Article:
c.o.d51

Monkey
Oct 5, 2005
137
0
c.o.d51 Have you thought about getting a slightly different dog bone link made to drop the BB height? Ideally you'd also get the swingarm shortened a touch,as by dropping the BB the swingarm would lengthen slightly(not nessacerily a bad thing),you could make the cut in front of the lower shock mount and get an insert put in for strength where you'd make the join. Or move the top shock mount.Lots of easy and not very expensive ways to drop the BB height and therefore slacken the head angle also. You could also mod the other link possibly,to get less travel,lower BB and less leverage ratio on the shock(not that it needs it). Just some ideas,I've been toying with.The Linkage site won't work on my Mac to work it all out.
Yeah, I actually have. If my RL doesn't sell, I will have a new linkage made up for it. Been thinking about doing that for as long as I had the bike, haha.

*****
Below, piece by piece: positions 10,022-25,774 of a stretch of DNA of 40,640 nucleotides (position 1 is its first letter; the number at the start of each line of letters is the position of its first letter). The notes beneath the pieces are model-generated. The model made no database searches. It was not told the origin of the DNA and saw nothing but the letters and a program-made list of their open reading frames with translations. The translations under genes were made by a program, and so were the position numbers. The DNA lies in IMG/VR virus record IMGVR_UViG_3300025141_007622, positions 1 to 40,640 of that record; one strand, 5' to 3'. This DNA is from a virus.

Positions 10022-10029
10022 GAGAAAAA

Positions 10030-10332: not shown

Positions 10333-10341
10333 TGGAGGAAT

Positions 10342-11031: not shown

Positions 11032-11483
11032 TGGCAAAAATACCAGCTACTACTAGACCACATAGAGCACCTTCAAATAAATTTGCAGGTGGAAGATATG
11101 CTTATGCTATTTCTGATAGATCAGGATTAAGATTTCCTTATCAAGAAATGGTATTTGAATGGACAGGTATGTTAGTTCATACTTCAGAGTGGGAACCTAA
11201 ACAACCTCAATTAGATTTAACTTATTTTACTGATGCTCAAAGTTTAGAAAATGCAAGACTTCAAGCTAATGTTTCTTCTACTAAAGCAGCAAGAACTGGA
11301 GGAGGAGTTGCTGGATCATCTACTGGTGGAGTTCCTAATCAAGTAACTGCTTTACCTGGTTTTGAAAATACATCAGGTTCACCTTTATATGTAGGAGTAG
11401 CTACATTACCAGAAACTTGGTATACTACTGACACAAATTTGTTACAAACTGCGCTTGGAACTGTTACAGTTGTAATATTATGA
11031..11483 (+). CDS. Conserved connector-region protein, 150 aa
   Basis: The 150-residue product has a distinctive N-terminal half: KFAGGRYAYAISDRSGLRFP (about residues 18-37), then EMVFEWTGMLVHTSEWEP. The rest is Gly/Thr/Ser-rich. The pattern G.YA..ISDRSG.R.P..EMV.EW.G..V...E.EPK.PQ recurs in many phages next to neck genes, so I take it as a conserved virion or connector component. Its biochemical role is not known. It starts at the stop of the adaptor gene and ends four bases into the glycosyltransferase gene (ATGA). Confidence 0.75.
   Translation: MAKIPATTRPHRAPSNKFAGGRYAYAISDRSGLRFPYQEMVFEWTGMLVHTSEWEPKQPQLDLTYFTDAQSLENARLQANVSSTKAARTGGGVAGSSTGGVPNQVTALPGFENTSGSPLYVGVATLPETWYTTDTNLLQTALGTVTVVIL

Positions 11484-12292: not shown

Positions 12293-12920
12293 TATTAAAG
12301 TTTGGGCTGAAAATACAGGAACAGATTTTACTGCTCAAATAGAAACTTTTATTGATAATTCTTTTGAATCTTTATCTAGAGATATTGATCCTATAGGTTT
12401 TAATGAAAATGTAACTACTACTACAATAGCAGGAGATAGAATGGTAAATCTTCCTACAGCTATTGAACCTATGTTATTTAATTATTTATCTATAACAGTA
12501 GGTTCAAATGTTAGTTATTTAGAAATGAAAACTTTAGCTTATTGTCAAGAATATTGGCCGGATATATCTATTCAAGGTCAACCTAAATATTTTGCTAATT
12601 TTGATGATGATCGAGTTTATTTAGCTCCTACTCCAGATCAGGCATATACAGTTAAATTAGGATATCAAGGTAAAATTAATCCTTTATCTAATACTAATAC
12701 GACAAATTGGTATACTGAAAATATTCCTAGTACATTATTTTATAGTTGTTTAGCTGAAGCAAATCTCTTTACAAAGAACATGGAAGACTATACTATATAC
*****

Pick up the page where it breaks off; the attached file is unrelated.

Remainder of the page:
Bulldog said:
The racelink is almost 10 years old? I remember when that came out, pretty sure I was still at the shop and passed on it to buy one of the last '02 DHR's in 2002. Maybe I'm wrong?

And as for the "math" in suspension, how could borrowing a real engineers MX linkage to use on a bicycle really be treated as a ground-up, ahead-of-its-time design? Clever, yes, but borrowing technology from MX is what this sport is all about!

Lastly, the DHR has been around in the same basic form since 1999 so it too is nearly a decade old. It just hasn't been left to fall behind the times. You'd think something 100% handbuilt in-house would actually be able to stay with or ahead of the times better that something built in a factory, no?
The Race Link is more like 7 years old, but it's getting closer to a decade, I should have been more specific. I would still call the Race Link ahead of its time though, even if it's suspension is borrowed from the MX world. The BMW's suspension works so darn well you would think other people would copy it too.

As for the DHR, that bike evolved with the times, like the Race Link should have. I guess what still surprises me is that I can hop on my Race Link, which was designed 6 or 7 years ago and hasn't really been changed in that time and compare it to frames coming out now. I definitely wish that it had evolved with time, and man I can't wait to see what Doc comes out with next.